California was the 5th state to explicitly permit mentally competent terminally ill patients to obtain a prescription from their physician for medication the patient may ingest to achieve a peaceful death, a medical practice known as aid in dying. This option appeals to some patients who find themselves trapped in a protracted dying process, where the cumulative burden of suffering causes them to prefer a swift death instead of enduring yet more suffering before death arrives. California’s law was passed in 2015, during a special session of the legislature focused on health care. Called the “End of Life Option Act” (EOLA), the law became effective on June 9, 2016 and has been implemented since then pursuant to rigorous requirements: patients must have no more than 6 months life expectancy; they must be fully mentally competent; they must be able to self administer the medication; they must make multiple requests, oral and written, separated by a mandatory waiting period, which must be witnessed. Physicians must report all AID prescriptions to the State, which publishes data about the practice annually.
Opponents of aid in dying challenged the statute on various grounds, including alleging that it was invalid as beyond the scope of the special session in which it was enacted.
On May 21, 2018, the Superior Court held the EOLA was invalid on the ground that it was not sufficiently related to the subject matter of the special legislative session in which it was enacted, called by the Governor to address health care related issues. Some commentators have observed that the scope of the legislature’s power to act in special session is to be given great deference, that there is a strong presumption in favor of laws adopted during special sessions, and that “courts are and should of right be reluctant to hold that such action is not embraced in such call, and will not so declare unless the subject manifestly and clearly is not embraced therein” citing the leading California Supreme Court decision on the subject, Martin v. Riley (1942).
The finding that the statutory permission for aid in dying is not related to ‘health care’ is erroneous. Indeed, the Supreme Court of the United States has recognized that prescribing medication for aid in dying is a medical practice. In a case prompted by then US Attorney General Ashcroft’s issuance of a Directive that physicians prescribing medication for aid in dying would be in violation of the federal Controlled Substances Act, the Court held that prescribing medication for aid in dying constitutes a “legitimate medical practice” for purposes of federal controlled substances law. In that case, the State of Oregon and a group of terminally ill Oregonians challenged the authority of the Attorney General to nullify a validly enacted state statute permitting aid in dying by applying the Controlled Substances Act well beyond its intended scope of deterring illicit drug trafficking. In considering the matter, the Court addressed whether a physician prescribing medication for the purpose of aid in dying was acting with a “legitimate medical purpose." The Court concluded that he or she would be doing so, hence the federal Controlled Substances Act could not be applied to punish any physician for such conduct. This precedent offers an additional argument in support of prompt reversal of the ruling by the Riverside Superior court that the EOLA is invalid on the grounds that it does not relate to health care and medical treatment.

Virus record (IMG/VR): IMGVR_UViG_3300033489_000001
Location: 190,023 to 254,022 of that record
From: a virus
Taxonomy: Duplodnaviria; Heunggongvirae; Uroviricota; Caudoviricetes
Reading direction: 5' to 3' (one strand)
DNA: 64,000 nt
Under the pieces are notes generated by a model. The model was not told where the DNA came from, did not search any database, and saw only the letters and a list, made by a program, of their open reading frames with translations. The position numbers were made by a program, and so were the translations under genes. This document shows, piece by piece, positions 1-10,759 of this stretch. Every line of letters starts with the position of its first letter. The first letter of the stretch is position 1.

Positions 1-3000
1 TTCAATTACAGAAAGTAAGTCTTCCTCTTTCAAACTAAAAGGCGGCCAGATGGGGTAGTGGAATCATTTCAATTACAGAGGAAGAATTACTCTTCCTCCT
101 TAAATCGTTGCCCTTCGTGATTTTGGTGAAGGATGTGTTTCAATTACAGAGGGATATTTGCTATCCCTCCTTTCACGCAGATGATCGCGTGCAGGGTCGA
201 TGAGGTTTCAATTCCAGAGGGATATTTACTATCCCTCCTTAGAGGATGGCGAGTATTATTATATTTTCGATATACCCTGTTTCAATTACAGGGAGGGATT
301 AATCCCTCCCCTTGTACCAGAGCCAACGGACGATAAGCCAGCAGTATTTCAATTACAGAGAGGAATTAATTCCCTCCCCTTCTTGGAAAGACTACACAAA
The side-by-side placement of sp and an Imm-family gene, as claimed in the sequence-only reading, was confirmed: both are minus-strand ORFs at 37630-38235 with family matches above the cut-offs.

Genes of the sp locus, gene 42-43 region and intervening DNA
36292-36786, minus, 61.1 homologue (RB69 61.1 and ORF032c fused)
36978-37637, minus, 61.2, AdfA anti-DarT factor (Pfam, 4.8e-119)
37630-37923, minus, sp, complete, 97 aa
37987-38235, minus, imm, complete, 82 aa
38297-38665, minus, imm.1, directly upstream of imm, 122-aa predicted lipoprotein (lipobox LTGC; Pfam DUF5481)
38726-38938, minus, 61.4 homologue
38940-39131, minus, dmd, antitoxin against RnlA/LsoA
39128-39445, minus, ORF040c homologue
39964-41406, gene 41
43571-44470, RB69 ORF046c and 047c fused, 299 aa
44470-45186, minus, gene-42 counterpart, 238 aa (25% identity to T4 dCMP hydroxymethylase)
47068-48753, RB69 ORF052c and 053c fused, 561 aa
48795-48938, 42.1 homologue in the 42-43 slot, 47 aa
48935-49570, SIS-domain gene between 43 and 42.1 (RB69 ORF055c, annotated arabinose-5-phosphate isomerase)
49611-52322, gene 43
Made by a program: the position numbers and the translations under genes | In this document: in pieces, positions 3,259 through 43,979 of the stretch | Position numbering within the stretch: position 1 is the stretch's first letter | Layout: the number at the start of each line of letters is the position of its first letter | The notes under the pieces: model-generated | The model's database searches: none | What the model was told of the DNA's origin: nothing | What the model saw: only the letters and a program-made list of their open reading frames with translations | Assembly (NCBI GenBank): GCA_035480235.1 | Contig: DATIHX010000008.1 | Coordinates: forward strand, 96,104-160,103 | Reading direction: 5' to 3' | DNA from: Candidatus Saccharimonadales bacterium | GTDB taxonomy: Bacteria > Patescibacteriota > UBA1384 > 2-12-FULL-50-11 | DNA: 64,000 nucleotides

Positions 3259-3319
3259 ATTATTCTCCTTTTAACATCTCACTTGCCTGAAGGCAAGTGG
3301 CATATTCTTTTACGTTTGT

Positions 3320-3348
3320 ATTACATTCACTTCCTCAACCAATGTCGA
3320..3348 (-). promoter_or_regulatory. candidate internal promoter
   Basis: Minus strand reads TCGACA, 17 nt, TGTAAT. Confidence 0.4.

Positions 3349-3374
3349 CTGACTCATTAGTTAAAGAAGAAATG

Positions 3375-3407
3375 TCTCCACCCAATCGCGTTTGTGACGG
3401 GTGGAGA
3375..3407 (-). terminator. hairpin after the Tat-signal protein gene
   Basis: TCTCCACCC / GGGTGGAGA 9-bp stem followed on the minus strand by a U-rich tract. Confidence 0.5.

The California Attorney General has properly defended the EOLA, and following the May 21 ruling immediately filed a petition for appeal and other relief in the Forth District. In its brief the AG correctly urges that deference is owed the legislature and the EOLA pertains to health care. It argues that California Supreme Court jurisprudence compels such deference. The AG can bolster its argument by bringing to the appellate courts’ attention the United States Supreme Court precedent pertinent to this case.
California’s aid in dying law should be quickly reinstated. Patients dying difficult deaths should have this compassionate option, which a great majority of the public supports and which was made available to them by enactment of the EOLA.
Kathryn L. Tucker, J.D., is the Founder and Executive Director of the End of Life Liberty Project,an advocacy organization dedicated to protecting and expanding the rights of the terminally ill. She has held faculty appointments at Loyola Law School, Los Angeles, the University of Washington, Seattle University, and Lewis & Clark Schools of Law, teaching in the areas of law, medicine, and ethics pertinent to the end of life. Tucker is often involved in representing physicians and patients seeking to expand end of life liberty.
Suggested citation: Kathryn L. Tucker, Aid-in-Dying is Health Care, JURIST - Professional Commentary, Jun. 10, 2018, http://jurist.org/hotline/2018/06/kathryn-tucker-aid-dying.php.
This article was prepared for publication by Kelly Cullen, the JURIST Managing Editor. Please direct any questions or comments to him at firstname.lastname@example.org